Gluten-Free Shopping in Ethnic Grocery Stores

My local grocery store has made a strong commitment to gluten-free foods, and I am hoping this is a serious change in corporate thinking versus a short-term fad. I certainly do my best to make sure their investment is worthwhile, and, based on my regular perusal of the dedicated GF section, I’m not alone.

However, sometimes mainstream stores charge crazy prices for foods just because they’re labelled “gluten-free”. Very often, these same foods are available at ethnic grocery stores at a far more reasonable price.

For example, I go to my local Asian grocery store for rice noodles, interesting vegetables, and rice paper wrappers. Oh, and gluten-free soy sauce (tamari), a product my local grocery stores stocks on an inconsistent basis; while this store serves a primarily Chinese clientele, it features an array of foods from other countries include Japan and Korea. I wrote about a shopping expedition to this store here. And here is the recipe for the amazing spicy Thai-inspired dish featuring Korean rice cakes I made that night.

I think I’ve addicted a dozen people to these delicious, chewy rice cakes.

I head out to my Indian grocery store for great deals on spices — cumin! coriander! — I use frequently. The Mexican store down the street is my source for a chile-lime seasoning that makes my grilled corn addictive. I also pick up masa harina at this store.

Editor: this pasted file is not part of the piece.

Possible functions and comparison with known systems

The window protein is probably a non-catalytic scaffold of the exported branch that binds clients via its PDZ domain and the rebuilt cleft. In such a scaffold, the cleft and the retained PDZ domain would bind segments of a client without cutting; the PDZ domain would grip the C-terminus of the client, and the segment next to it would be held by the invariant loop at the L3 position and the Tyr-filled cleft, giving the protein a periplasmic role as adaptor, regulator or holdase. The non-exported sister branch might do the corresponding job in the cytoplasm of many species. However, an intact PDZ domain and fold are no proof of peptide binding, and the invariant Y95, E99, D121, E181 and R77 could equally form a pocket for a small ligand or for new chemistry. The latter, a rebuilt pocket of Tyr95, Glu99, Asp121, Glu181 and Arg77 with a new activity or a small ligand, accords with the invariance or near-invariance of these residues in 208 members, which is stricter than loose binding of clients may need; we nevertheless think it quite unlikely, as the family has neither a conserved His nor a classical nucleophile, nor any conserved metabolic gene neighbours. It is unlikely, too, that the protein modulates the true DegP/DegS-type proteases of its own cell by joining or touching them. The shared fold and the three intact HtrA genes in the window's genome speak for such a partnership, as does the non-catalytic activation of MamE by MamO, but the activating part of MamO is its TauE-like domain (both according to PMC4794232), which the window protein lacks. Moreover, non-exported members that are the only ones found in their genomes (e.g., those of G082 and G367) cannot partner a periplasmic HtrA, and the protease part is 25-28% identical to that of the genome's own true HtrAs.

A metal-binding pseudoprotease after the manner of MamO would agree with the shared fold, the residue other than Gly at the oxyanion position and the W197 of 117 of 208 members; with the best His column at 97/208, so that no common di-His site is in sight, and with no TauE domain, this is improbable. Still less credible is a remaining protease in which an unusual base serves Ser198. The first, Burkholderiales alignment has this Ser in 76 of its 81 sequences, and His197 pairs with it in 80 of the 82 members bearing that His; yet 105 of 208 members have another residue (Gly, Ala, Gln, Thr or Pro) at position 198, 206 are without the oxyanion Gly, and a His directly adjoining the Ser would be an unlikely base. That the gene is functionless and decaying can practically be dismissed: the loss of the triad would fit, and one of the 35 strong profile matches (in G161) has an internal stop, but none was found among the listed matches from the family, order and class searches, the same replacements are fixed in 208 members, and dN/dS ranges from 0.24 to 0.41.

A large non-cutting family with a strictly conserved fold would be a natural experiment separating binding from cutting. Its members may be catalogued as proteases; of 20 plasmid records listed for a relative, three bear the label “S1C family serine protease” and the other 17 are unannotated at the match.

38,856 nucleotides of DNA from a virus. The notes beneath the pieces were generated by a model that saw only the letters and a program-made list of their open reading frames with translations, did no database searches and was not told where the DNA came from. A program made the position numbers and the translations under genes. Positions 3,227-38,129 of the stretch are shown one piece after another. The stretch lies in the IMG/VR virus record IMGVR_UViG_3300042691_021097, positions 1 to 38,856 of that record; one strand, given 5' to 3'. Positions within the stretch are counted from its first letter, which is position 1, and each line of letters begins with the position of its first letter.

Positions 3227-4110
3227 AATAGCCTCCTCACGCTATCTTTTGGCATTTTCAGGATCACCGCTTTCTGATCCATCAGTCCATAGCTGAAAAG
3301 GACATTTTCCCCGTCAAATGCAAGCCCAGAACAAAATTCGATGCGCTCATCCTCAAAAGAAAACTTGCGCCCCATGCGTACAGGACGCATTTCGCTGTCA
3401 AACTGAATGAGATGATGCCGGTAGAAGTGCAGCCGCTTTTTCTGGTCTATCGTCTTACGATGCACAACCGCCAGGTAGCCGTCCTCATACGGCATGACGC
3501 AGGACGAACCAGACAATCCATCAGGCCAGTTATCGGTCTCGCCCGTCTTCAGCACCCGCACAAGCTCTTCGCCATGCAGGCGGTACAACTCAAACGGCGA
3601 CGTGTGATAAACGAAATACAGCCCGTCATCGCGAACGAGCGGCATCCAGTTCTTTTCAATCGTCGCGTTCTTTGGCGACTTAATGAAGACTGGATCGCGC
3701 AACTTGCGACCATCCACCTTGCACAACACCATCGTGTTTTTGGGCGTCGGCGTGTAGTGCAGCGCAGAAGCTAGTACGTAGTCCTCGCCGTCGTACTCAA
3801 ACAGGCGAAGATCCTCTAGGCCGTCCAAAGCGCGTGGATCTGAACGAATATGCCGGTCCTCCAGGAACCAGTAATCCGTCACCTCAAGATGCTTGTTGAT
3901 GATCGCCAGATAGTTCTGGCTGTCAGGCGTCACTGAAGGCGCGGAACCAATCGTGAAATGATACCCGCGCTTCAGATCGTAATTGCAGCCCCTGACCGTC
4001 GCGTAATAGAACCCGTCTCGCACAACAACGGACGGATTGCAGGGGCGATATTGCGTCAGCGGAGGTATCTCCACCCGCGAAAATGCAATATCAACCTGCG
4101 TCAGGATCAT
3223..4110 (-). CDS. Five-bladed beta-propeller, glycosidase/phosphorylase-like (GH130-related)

I should also note that I am lucky enough to live in a largely Armenian neighborhood; I don’t bother making my own hummus for parties anymore. There are four places within a five minute walk that do a better job than I ever will. I just bring a large bowl, and they fill it with amazing flavor. I also get saffron for a great price. Oh, and tahini. I love tahini.

As with any grocery store, it’s important to pay close attention to labels. The FDA in the United States has recently moved to increase safety for imported foods. More accountability throughout the food supply chain is being introduced, and imported foods will be held to the same standards as foods produced in the States.

Moving beyond the traditional (American) grocery store yields great flavor and savings opportunity for those of us who are gluten-free. Tell me about your experiences!

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